Will They Stay Or Will They Go?

The impact of having lost four players to the NBA Draft in the past two seasons has been felt by Ohio State for the entire 2008-09 season. Now that the year is in the books, the next three players with the potential to add their names to the list weigh in on what their decisions might be.

DAYTON – For the third year in a row, the questions started flying immediately after Ohio State's season came to an end.

Who is staying, and who will be going early to the NBA? A program that has been decimated by early departures to the tune of four in two years now faces an offseason where three players are widely viewed as potential NBA draft picks this summer.

B.J. Mullens, Evan Turner and William Buford all are projected as candidates to be the next players to make the leap to the pros. Buckeye fans hoping for some or all of them to return might be best to sing a few bars from Meat Loaf's 1977 hit "Two Out Of Three Ain't Bad."

Of the three, Mullens seems the most likely to depart. A 7-footer who would be drafted more on potential than anything else, the freshman is the only Buckeye listed on NBADraft.net's mock draft as of March 16. That site has him pegged as the No. 18 pick in the draft and going to Minnesota.

In his team's locker room immediately following OSU's double-overtime loss to Siena in the first round of the NCAA Tournament, Mullens said he will sit down with his family and contemplate his decision.

"I know (my future) is definitely going to hold something good when I decide what I'm going to do," he said. "I don't know what I'm going to do yet. I'll definitely let you know when I find out."

The fact that his final college game was a two-point loss in double overtime might have an impact on his decision, he said.

On a roster with no seniors, the Buckeyes have the potential to return their entire 2008-09 roster for next season – a situation Mullens said he was aware of.

"I'm going to do what's best for me and what's best for my family," he said. "It's definitely going to hurt if I do decide to leave. We're all family here. We're like brothers. We've been through a lot of stuff."

As the lone sophomore of the trio, Turner said he feels Mullens will return but said he wishes him the best if he does not.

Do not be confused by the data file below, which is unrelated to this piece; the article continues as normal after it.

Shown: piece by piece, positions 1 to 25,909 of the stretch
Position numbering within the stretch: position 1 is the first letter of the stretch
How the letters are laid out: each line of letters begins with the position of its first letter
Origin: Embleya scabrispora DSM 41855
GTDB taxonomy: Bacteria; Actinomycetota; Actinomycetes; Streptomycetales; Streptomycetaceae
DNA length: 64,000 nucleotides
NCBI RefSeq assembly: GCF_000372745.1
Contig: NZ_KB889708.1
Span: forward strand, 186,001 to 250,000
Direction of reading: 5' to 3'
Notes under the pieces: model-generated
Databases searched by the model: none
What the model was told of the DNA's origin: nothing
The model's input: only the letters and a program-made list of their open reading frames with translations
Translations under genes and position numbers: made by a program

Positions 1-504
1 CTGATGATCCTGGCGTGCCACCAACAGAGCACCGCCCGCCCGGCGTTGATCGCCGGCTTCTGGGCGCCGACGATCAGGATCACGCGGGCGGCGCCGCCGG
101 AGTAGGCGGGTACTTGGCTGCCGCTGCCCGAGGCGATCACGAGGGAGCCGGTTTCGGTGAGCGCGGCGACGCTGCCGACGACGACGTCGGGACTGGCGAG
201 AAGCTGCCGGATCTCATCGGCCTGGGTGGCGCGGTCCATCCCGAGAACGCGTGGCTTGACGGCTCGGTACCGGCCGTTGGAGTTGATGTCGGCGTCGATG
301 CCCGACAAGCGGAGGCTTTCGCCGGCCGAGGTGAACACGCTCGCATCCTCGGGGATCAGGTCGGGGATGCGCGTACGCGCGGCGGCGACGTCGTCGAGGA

"B.J., I'm sure he'll be back," Turner said. "We'll do what we have to do if he doesn't, but I'm sure he'll be back. I'm sure he likes college. You're going to get better. You can never get mad getting better. The money is always going to be there.

"If he doesn't come back, more power to him. He's been a soldier his whole life, and just to get to the point where he is now is just amazing. I'm really proud of him. I love him regardless."

For the season, Mullens averaged 8.8 points and 4.7 rebounds per game. He was voted the Big Ten's sixth man of the year and he led the conference in field-goal percentage (63.4).

Viewed by many as a sure-fire lottery pick for much of the year, Mullens' stock might have slipped as the season wore on. That could impact the bottom line, his coach said.

"I think that he's got a lot of room to grow," OSU head coach Thad Matta said. "We talk to the guys every day and I think that it's a situation where I hope he comes back, but by the same token I think he's got to do what's best for him. I think that if he comes back and makes the commitment to the work to get better – he knows there's a payday, but coming back for a year could be about an $8 million difference."

Turner was the lone unanimous pick for first-team all-league honors, and he led the Buckeyes in nearly every important category: points (17.3 per game), rebounds (7.1 per game), assists (131) and steals (58) while playing a number of key roles.

With a tough-to-defend ability to get to the basket as well as a blend of size and speed that would endear him to NBA teams, Turner's draft status consistently rose as he blossomed into a premier player this year.

However, Turner said he plans to stick around because there is plenty of unfinished business for him and his classmates.

"My plan is to have a good offseason, gain 10 pounds, come back and win a Big Ten championship, a Big Ten tournament championship and an NCAA championship," he said. "My teammates and I didn't want to come here and just do four years for no reason. We wanted to come here and leave a legacy of winning. That's why you play the game."

Asked if that means he is returning for his junior year, Turner smiled and replied, "Of course. I love the scarlet and gray."

Matta said he was pleased to think about his most valuable player coming back for another season but added that he will talk things over with Turner.

"I think that Evan has a tremendous future, not only at Ohio State but someday (in the NBA)," he said. "When that comes there's areas he's got to keep growing at but we've got to take a look at it for him. We always do what's best for our guys."

Then there is Buford, the league's freshman of the year. With a deadly mid-range jumper, Buford finished the year second on the team in scoring (11.3 per game) and connected on 44.8 percent of his shots.

Buford said he plans to return for his sophomore season so he can win the league's defensive player of the year award.

Plenty of things can change between now and the April 26 deadline for underclassmen to declare themselves for the draft, but it looks like at least two big pieces to the OSU puzzle plan on returning for next season.

Half-jokingly, Matta said he plans on sitting down and talking to more than just Mullens, Turner and Buford about their future plans.

"The way my luck's going, I'm going to talk to the entire team," he said. "We may throw everybody in the draft and just go from there."

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